Bitterness

Tigers 33, Royals 6.

But hey, they denied Armando Galarraga his perfecto. I credit Hillman's leadership, especially that "put away the chairs" thing he did in Spring Training. Oh, and league average superstar Jose Guillen's feisty attitude. He won't let this bunch accept failure.

Even with four garbage time runs in the first game of the series -- aka the Jimmy Gobble/Penacutioner game -- the Royals couldn't muster enough runs cumulatively to win a single game against the Tigers, a mediocre team with a first place lineup and a fourth place pitching staff.

Perhaps this is life as a .450 ballclub: a mix of the semi-good, like taking two of three from the White Sox and the wholly-bad in a proportion that doesn't quite cancel itself out. For this observer, its been a frustrating and embittering season despite the miniscule uptick in the team's composite performance. (At 45-57 the Royals are actually dead even with last season's record through 102 games.) Somehow, the particular takeaways from this season to date just don't inspire much enthusiasm going forward: the Royals are 32-52 against the American League and unfortunately, no more games against the Senior Circuit are scheduled. Oh wait, Trey's planning for a 180 game season. My bad. The Royals are slated to play the National League Champions this October. And Games 1 & 2 will be at the K.

But it really isn't about wins and losses this season, and just about everyone has known that from the beginning. No, what was needed was some sign that the core of the franchise was rounding into shape and that said core would be competitive for the next two or three seasons. That hasn't happened. Essentially, the positive developments this season have been DeJesus's career campaign, Greinke's emergence as a solid #2 (39th in VORP, before today) and... I suppose the fun we've had with Mike Aviles. (Soria was last year's news.)

The pitching staff that looked so good in April has slowly decayed to pieces. The Royals are 13th in the AL in ERA and 12th in SLG allowed.  Hochevar remains not quite there and Gil Meche remains Gil Meche. Brian Bannister has struggled mightily in the face of some weird, 80's movie-esque body swap with Kyle Davies. The bullpen has had its moments, but after three months of attrition has become sufficiently Peralta-fied. Of course, it's also being asked to pitch four innings a night, so it's understandable that meltdowns and poor matchups have occurred. 

Offensively, whereas we were initially afraid that Dayton Moore might have an OBP blindspot, we might now have to worry about his inability to acquire batting average and slugging as well. Ross Gload and Joey Gathright have been given 532 PAs, and have fifteen extra base hits to show for it. Mark Teahen has evoked memories of Terrence Long, and beloved aspiring DH of the future Miguel Olivo has been brutal for two months.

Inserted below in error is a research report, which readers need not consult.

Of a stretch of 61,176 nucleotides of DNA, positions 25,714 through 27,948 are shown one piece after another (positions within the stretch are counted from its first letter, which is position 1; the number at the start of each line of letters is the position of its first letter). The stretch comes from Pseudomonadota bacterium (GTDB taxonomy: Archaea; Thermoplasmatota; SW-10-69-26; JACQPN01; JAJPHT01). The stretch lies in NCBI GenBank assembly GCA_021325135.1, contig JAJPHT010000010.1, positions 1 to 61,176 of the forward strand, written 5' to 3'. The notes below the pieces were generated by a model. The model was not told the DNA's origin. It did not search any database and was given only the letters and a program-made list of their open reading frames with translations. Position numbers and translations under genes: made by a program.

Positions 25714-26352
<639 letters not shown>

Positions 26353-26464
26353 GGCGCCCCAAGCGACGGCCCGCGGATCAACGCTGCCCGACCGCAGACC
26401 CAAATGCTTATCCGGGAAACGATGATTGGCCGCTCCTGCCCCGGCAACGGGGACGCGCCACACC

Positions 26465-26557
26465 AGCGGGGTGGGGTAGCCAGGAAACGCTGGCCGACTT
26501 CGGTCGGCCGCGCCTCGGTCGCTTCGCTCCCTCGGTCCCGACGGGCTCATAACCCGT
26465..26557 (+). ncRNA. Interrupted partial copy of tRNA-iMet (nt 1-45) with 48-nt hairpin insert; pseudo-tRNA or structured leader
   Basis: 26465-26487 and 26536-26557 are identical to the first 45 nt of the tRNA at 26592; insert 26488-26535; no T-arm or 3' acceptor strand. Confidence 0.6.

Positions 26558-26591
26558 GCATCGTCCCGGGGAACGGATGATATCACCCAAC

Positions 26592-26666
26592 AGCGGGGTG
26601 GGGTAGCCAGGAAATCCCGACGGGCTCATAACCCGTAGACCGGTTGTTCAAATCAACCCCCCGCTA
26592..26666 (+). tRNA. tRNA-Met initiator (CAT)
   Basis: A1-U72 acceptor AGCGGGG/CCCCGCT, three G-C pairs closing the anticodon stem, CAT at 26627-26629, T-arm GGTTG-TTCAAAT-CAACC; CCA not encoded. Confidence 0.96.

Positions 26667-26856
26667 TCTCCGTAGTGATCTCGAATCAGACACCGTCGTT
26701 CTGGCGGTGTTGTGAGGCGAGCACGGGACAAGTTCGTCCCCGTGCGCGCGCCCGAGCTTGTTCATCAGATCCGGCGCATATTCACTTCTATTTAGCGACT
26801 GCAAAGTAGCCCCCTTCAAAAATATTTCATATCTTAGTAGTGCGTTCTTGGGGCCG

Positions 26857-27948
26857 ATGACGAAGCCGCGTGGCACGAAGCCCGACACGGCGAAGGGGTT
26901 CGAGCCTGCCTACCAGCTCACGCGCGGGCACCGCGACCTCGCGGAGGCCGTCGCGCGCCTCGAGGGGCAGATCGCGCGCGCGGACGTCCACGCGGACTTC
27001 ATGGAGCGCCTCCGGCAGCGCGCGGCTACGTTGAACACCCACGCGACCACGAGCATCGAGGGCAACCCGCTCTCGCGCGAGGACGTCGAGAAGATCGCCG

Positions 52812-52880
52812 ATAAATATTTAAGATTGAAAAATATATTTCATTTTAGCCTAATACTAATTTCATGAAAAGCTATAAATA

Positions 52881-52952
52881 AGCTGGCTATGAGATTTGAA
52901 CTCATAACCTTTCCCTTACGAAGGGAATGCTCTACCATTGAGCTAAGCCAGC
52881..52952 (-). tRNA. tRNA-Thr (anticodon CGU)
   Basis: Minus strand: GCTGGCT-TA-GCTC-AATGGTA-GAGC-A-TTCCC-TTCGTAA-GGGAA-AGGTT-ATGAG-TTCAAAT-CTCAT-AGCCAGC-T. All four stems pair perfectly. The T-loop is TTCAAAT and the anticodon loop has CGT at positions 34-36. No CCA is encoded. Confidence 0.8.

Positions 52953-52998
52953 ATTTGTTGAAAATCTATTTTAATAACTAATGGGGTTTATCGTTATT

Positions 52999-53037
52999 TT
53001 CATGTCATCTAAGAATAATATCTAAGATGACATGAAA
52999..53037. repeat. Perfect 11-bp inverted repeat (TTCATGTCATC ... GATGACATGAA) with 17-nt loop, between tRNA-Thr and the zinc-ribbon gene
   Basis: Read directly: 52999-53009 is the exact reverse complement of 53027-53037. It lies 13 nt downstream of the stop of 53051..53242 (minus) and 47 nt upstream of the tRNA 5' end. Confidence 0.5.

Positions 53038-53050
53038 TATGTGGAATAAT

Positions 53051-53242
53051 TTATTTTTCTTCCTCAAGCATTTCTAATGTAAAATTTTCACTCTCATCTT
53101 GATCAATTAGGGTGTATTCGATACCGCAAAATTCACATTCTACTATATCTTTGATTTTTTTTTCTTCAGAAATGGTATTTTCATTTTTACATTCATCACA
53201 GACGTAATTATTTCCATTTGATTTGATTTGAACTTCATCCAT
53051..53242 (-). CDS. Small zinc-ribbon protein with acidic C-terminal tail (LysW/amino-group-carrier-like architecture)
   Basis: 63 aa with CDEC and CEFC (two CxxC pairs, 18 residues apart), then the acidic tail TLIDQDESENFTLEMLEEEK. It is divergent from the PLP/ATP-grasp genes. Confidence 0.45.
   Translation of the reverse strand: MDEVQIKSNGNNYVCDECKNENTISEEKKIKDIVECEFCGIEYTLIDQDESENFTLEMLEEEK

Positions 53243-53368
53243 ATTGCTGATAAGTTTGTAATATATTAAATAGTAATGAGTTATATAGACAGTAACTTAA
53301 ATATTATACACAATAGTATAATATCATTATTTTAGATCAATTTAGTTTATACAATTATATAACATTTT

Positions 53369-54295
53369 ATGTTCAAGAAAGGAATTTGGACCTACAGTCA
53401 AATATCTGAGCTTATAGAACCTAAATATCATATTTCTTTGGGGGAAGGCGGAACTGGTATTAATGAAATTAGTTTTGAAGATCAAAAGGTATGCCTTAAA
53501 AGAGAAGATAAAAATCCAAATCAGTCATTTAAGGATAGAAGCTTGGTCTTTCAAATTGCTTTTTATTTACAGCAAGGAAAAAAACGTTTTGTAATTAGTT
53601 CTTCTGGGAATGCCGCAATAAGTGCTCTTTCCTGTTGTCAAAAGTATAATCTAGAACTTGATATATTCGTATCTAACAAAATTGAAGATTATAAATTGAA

Most painfully, supposed can't miss prospects Alex Gordon and Billy Butler have mostly missed, while nightly we see highlights of Tim Lincecum, Evan Longoria, Prince Fielder, Ryan Braun and the like. Why can't the Royals ever have that guy? Hell, why can't we have someone like Jody Gerut? I'd much rather be 35-67, but with Gordon and Butler dominating the league than what we've seen so far.

And now the precocious Rays, like a more successful sibling, come calling, inviting all sorts of uncomfortable comparisons. Sure, Gordon and Butler can still breakout, much less improve. Sure, the starting rotation looks good going forward. Sure, DeJesus and Guillen give us a fighting chance to have a good outfield. All of that being said, there's been a lot more disappointment than satisfaction this season, creating a sense that, our guys just don't quite pan out like people on other teams.

Seriously, I don't know how this team has 45 wins, other than interleague play and some good timing regarding certain hit streaks and the cumulative good pitching of April. Non-building blocks like Grudz and Mahay have been valuable, and Jose Guillen's insanely hot June was just what the doctor ordered at the time, and makes his overall numbers less productive looking then they have been.

The Royals have one elite player, one guy who is perhaps the best at his position in the league, in Joakim Soria. Sadly, he's a specialist who plays less than half the time. Beyond that it's a more valuable -- though less viscerally thrilling -- Zack Greinke, maybe five guys who are safely "good players" and a roster that doesn't quite suck as much as it did in the past.

Where are we having that parade again, Dayton?

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